Find your own strategies!
A chronic diagnosis can mean both uncertainty and different types of setbacks. Therefore, it is extra important to find your own useful coping strategies to become resilient, learn from your challenges and feel better.
Living with a chronic diagnosis, such as rheumatoid arthritis, can involve various kinds of physical and mental challenges. You may also have uncertainty about how things will be in the future. There are ways to stay mentally strong, despite your diagnosis.
Finding what psychologists often call coping strategies can make it easier to become resilient to the setbacks a chronic diagnosis brings. Being able to use and learn different types of strategies to deal with unforeseen events can help you take control and move forward. It is a skill that can be developed and honed over time.
According to the American Arthritis Foundation patient organization, research shows that this type of psychological resilience can make a person recover faster, handle pain better and have less risk of depression and anxiety. So, what can you think and do? Here are 8 practical tips:
1. Focus on the positive. Studies show that optimism can be the key to building psychological resilience. The more hope you feel, the more resilient you become. Increasing optimism does not mean ignoring the negatives, but rather placing greater emphasis on the positives. Ask yourself three questions: “Does this provide new opportunities? Can I look at this differently? Can this lead to anything good?”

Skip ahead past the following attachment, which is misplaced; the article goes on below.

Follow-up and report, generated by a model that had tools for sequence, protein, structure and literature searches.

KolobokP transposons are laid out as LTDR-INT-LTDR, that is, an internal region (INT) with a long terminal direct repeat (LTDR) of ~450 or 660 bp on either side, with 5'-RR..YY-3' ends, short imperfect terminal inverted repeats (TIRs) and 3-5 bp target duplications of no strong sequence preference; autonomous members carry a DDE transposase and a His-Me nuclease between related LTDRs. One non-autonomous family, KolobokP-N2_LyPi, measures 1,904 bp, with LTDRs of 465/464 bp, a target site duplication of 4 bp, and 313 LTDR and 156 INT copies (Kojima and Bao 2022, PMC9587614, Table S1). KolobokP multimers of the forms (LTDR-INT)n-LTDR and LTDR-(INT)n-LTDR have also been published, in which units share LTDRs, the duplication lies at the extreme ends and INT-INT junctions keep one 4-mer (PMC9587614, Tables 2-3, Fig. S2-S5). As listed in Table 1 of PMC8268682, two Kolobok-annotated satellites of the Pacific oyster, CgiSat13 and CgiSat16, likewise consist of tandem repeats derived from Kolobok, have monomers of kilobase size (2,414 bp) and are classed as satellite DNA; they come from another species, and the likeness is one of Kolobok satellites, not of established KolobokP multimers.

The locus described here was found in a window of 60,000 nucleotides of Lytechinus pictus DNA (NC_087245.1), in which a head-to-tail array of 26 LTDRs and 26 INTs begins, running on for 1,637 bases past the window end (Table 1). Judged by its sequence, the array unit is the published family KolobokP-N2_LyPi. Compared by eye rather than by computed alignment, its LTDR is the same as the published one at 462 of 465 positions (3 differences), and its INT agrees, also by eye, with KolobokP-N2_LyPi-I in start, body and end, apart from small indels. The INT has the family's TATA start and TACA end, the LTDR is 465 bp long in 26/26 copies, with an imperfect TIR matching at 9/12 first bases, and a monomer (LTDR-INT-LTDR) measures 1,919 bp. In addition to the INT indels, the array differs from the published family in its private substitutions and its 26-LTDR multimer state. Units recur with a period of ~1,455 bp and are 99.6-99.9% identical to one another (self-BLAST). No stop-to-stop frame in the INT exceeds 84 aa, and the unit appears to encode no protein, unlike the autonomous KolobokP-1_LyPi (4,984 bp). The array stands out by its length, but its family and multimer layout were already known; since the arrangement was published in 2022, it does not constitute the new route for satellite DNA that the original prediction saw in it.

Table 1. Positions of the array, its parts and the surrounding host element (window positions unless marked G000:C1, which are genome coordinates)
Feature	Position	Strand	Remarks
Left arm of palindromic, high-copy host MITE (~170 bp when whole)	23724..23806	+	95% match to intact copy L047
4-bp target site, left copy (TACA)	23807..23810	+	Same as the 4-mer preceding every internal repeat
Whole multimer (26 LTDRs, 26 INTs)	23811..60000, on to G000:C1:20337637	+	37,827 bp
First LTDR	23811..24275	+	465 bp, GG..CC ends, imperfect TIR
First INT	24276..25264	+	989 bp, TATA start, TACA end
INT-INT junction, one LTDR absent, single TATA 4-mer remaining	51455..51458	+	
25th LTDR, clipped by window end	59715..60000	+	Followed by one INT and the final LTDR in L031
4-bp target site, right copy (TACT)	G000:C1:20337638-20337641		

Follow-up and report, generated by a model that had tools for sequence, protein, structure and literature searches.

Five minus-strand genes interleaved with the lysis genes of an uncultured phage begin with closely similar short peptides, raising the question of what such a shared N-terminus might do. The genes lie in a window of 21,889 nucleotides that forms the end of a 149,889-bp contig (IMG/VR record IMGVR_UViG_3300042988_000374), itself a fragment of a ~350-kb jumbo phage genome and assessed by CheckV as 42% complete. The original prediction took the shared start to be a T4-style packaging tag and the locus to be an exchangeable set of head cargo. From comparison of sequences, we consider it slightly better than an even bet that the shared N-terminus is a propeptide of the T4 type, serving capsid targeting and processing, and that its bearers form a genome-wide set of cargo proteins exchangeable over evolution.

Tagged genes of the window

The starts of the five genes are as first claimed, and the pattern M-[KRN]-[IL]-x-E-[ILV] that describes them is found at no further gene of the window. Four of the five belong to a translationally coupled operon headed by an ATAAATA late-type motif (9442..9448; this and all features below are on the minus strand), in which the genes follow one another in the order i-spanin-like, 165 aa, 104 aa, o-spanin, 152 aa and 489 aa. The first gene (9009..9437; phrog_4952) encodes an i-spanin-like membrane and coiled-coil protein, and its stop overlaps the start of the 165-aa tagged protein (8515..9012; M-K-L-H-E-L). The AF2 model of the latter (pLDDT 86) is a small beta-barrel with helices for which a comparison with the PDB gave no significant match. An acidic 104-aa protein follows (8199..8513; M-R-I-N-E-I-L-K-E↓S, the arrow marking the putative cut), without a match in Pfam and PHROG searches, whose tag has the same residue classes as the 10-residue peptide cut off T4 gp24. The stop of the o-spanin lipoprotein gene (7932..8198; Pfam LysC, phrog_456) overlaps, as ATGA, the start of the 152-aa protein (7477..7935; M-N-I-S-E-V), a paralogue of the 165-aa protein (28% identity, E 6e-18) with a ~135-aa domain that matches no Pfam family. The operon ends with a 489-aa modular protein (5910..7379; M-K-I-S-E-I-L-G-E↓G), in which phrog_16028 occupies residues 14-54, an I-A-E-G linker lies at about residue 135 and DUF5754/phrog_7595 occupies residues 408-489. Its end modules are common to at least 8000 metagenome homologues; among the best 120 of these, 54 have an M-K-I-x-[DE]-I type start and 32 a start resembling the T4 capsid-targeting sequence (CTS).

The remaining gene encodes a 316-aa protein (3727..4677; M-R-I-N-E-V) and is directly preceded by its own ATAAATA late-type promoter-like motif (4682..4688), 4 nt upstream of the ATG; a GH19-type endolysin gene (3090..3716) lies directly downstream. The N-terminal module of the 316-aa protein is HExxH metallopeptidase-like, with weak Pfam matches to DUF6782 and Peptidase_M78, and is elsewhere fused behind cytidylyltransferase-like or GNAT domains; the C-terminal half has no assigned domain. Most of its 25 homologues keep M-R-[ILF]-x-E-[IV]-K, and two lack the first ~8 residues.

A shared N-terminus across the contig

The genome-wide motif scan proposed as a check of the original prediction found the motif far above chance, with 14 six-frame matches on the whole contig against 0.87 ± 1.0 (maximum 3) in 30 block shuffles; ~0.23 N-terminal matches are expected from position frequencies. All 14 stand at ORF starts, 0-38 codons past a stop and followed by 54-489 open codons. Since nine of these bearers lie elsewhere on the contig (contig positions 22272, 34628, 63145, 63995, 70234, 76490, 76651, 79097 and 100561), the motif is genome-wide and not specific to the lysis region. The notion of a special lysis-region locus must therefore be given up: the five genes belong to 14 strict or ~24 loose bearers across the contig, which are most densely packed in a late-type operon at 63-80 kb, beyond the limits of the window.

2. Use your experience. If you have a chronic illness, you are probably more resilient than you may admit to yourself. When dealing with adversity, it may be a good idea to ask yourself how you have handled similar problems in the past. What worked well then?
3. Gain new knowledge. Be sure to ask questions when you see your rheumatologist and read about your diagnosis. The more you learn, the more control you have. It gives you confidence.
4. Cheer yourself on. Even before you were diagnosed, you needed strength and knowledge to solve problems in life. We have all had times when it felt like we were going to fail a challenge but still succeeded in the end. When you are faced with an unexpected situation, it can be good to think back to previous times when you have succeeded.
5. Discover what makes you happy. Give yourself time to do what you enjoy. Joy and a sense of satisfaction can provide respite from stress. It could be a hobby or something as simple as a walk in the spring sun.
6. Get moving. Exercise can reduce anxiety, depression and improve sleep. It makes you feel better not only physically but also mentally.
7. Ask for help. Getting support is important for gaining mental resilience. This support can come from relatives and friends or networks of patient organizations. Things are easier when you are not alone. Asking for help is not a sign of weakness.
8. What are you grateful for? It may sound a bit exaggerated, but the fact is that people who think about what they can be grateful for in life actually become more optimistic, which can help build psychological resilience. When you think about what you have, it can help you not to overemphasize what you do not have.
What do you do?
What strategies do you use to deal with adversity or situations that you end up in? Share your tips at firstname.lastname@example.org